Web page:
Insecurity and unfavorable thinking patterns don’t go away overnight; for some, those feelings may never really leave. It is not to put you in a downcast state, reader, as there is hope.

Some truth may be found in the statement, “To love others, you must love yourself,” but love isn’t so cut and dry. In our most miserable states, we have been in invaluable relationships and have found ourselves enamored with a partner. However, it’s hard to argue against the fact that being in a negative headspace will most likely sour the connection. 

The vicious cycle of waking up and breaking up with a new partner every so often is tiring and draining for everyone involved. After many failed attempts, we realized there is little truth in the “mental health matters” motto. 

Restructuring the way you think about yourself is key to improving self-esteem and minimizing anxiety. The mental monologue is crucial if you’re constantly criticizing your appearance, mannerisms, etc. 

Take your deepest insecurities — the ones you can’t change — and accept them. Instead of staring in the mirror and picking yourself apart, point out things you enjoy. Do you have cool hair, nice eyes, a contagious laugh or cool clothes?  Picking out even the smallest thing about yourself to appreciate is a step toward feeling good enough.

After each person that comes and goes in life, you will always be left with yourself. Knowing that you’re the prize will not only radiate a confident energy to others, but it will make the time spent alone more bearable. 

College can be a trying time in terms of self-image. From social media to frat parties, there are a variety of avenues for being judged and scrutinized by onlookers.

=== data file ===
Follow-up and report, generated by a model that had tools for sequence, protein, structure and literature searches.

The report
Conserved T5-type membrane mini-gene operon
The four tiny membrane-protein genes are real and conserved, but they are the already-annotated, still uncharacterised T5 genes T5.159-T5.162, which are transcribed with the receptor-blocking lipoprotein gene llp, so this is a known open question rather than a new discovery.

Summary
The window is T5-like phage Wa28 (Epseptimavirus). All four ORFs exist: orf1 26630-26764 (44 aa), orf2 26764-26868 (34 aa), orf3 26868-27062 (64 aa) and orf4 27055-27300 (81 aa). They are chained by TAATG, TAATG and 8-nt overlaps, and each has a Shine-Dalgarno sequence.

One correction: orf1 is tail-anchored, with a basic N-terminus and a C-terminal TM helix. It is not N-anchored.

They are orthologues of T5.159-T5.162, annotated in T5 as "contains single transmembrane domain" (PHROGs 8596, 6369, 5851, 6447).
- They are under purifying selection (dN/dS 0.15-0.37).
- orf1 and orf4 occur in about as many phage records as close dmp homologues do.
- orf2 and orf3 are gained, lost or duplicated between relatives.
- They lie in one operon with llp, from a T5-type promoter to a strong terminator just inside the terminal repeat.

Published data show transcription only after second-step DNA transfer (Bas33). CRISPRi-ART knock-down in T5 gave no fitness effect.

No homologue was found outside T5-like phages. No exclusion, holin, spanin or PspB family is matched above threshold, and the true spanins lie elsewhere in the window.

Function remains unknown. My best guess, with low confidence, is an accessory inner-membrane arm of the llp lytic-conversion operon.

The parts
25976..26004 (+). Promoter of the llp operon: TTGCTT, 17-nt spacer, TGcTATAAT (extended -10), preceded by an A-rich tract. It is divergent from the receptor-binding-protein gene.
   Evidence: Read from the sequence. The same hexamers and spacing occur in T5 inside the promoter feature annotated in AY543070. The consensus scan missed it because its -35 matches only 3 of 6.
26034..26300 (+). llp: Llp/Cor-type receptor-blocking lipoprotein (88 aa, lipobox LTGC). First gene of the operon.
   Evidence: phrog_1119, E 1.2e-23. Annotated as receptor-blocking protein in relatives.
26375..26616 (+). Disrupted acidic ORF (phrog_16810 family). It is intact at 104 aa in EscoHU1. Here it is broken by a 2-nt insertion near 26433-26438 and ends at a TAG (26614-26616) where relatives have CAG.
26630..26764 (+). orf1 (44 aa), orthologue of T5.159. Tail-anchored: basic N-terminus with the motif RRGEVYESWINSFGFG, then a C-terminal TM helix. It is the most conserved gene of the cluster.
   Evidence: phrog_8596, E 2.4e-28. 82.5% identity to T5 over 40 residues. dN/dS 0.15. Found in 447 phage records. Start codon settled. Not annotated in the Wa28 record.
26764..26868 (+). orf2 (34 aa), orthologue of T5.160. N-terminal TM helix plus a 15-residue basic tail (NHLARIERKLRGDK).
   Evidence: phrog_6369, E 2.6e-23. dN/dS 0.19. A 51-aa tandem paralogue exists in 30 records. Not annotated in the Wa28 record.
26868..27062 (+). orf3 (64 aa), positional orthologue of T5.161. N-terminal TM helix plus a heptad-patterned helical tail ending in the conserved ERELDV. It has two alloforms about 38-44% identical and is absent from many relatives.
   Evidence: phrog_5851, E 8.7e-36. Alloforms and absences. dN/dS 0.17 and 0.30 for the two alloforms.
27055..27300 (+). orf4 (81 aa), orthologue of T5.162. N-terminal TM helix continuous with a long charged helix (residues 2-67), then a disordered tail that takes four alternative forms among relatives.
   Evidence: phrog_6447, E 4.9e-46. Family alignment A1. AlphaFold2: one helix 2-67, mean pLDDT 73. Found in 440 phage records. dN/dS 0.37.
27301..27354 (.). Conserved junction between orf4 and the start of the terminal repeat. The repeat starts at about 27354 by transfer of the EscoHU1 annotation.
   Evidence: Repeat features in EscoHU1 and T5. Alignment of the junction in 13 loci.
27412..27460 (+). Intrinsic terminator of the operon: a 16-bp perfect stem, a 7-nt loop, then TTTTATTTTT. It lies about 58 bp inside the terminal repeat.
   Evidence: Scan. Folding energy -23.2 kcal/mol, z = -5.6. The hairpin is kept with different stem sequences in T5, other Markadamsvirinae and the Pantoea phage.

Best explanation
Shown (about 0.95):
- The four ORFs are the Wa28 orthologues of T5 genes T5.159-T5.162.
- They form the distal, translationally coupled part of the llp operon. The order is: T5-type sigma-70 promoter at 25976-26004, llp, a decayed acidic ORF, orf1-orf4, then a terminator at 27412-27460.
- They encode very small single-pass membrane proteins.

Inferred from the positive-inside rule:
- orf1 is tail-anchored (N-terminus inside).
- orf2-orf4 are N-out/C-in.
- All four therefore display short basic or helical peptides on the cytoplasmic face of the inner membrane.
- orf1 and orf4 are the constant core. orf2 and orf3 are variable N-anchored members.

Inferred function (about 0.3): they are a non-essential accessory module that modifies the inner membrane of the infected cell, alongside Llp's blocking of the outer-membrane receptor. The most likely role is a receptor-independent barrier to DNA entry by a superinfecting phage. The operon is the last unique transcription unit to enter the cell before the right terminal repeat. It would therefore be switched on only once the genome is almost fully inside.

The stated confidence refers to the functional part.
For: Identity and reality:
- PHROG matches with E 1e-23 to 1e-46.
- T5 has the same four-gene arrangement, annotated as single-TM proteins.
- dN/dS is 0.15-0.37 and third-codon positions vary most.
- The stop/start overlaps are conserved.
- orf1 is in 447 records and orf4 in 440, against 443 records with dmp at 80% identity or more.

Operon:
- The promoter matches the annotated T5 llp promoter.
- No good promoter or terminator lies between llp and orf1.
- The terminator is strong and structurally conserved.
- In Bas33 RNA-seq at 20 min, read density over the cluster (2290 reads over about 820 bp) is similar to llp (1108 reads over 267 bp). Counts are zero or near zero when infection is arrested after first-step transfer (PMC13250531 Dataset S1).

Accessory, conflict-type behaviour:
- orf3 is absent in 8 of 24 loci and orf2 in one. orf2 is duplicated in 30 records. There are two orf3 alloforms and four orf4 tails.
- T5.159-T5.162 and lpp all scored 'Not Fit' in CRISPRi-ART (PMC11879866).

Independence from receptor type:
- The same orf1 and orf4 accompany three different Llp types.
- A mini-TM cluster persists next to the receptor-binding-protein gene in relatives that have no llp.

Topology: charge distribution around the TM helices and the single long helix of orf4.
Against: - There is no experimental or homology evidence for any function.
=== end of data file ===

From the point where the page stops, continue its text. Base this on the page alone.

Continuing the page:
Nobody knows when the modern beauty standards arose — perhaps their origins are as debated and shrouded in intrigue as the Pizzagate conspiracy theory. It is imperative that you do not allow these standards to impact your self-concept.

While it can be difficult to maintain confidence when faced with casual dating and party culture, we urge you, dear reader, not to let your crown slip. Chin up, king.

Until next time,


[email protected] 

[email protected]

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About the Contributors
Lisa Chasanov, Managing Editor for Reporting
Howdy! My name is Lisa, my game is delivering quality news to your phone screen, coffee table and recycling bin. Since fall 2022, I have had the honor of writing, editing and often-unsuccessfully pitching content for The Daily Illini. During my time at the 152-year-old news source, I have served as a reporter at our news desk, summer editor and assistant news editor. Most recently, after a rewarding year of bringing you hard-hitting stories such as “Uncut: Dissecting Circumcision” and “‘Surf’s Up’ could be the film of the summer,” I have taken over as managing editor for reporting. In my free time, you can find me performing open heart surgery in dark alleys, communicating telepathically with small woodland creatures and engaging in otherwise dubious activities. If you would like to summon me for any reason, you can find me at [email protected]. Good Yard. Stay tuned for more.
Lillie Salas
Lillie Salas, Managing Editor
Hello! My name is Lillie Salas, and I am a sophomore majoring in journalism. I have been working at The Daily Illini since my freshman year. I began as a staff writer in features and then had the opportunity to be promoted to features editor during my second semester. I am so honored to work with such an amazing staff and I look forward to working with the Champaign-Urbana community to share our stories. For any inquiries, contact me at my email below.